The Minnesota Supreme Court recently ruled that a large home improvement retailer cannot claim a sales tax offset based on uncollectible debts from purchases made on its private label credit card, in the case Menard, Inc. v. Commissioner of Revenue, case number A20-0241. The home improvement retailer, attempted to offset its sales tax liability pursuant to Minnesota Statues § 297A.81, subd. 1 that allows a taxpayer to offset against its current sales tax liability taxes “previously paid as a result of any transaction the consideration for which became a debt owed to the taxpayer that became uncollectible during the reporting period.”
In late 2018, California passed a new law that will, in the near future, present sweeping changes to the pharmaceutical industry and certain medical device manufacturers. The new law amends the existing California Integrated Waste Management Act and is expected to be a boom for medical waste disposal companies who stand to obtain significantly more business. While the law was signed by the California Governor nearly two years ago, the regulations will go into effect in a few months (by January 1, 2021). The original bill, dubbed the “California Sharps and Drug Takeback Bill”, requires a manufacturer of covered drugs or home-generated sharps waste, to offer safe disposal methods for their customers’ used and unused products. The law has potentially sweeping affect because it encompasses all covered drugs and home generated sharps waste that are sold or offered for sale in California.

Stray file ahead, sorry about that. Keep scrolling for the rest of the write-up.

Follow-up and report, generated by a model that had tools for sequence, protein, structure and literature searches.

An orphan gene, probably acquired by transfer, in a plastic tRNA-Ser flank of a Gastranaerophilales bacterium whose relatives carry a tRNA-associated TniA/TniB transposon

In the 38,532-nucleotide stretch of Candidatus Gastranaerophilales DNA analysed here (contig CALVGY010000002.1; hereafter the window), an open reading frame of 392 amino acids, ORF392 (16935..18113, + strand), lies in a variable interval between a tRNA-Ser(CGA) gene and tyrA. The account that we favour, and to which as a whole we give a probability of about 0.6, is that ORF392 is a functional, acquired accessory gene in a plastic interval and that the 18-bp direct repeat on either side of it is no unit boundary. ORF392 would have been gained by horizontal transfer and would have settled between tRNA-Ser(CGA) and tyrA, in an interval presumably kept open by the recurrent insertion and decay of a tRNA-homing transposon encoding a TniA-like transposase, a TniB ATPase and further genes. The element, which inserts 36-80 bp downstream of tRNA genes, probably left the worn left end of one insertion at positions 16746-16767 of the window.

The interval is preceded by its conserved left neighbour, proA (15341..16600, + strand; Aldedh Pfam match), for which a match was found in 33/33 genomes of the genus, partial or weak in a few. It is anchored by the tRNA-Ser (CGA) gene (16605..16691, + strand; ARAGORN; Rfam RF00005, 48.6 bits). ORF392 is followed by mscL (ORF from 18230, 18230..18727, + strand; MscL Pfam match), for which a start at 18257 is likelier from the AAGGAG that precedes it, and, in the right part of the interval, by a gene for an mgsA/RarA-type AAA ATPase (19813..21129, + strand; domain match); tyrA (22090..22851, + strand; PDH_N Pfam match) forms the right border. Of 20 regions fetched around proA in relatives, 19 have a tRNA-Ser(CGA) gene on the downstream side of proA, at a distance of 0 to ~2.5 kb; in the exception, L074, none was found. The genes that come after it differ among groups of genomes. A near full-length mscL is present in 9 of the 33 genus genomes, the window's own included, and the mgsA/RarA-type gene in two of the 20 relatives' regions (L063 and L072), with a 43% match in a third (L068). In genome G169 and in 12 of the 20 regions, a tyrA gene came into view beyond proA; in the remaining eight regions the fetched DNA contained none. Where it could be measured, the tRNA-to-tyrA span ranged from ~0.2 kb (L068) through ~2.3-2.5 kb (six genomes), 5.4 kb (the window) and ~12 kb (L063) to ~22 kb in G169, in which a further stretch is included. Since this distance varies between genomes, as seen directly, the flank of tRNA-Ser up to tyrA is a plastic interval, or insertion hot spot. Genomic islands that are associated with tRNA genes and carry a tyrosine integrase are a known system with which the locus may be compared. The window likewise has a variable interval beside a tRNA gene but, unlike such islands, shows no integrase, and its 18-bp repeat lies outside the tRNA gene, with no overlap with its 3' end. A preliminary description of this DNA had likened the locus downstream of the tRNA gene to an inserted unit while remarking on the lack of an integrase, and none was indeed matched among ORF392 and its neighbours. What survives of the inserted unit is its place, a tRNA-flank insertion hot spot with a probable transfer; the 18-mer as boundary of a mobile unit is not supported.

One of the most heavily-debated legal and ethical issues to arise during the current COVID-19 outbreak is what methodology a hospital should use to allocate ventilators when the number of patients who need a ventilator exceeds the hospital’s supply of ventilators. Even more heavily discussed is whether a hospital should disconnect a patient from a ventilator against the wishes of the patient and his/her family in order to use that ventilator for another patient with a statistically greater chance of survival.
The Minnesota Pollution Control Agency (“MPCA”) has announced a process for regulated entities seeking regulatory flexibility that may have an unavoidable noncompliance situation that is directly due to an impact from the COVID-19 Peacetime Emergency, declared by Governor Walz in Emergency Executive Order 20-01.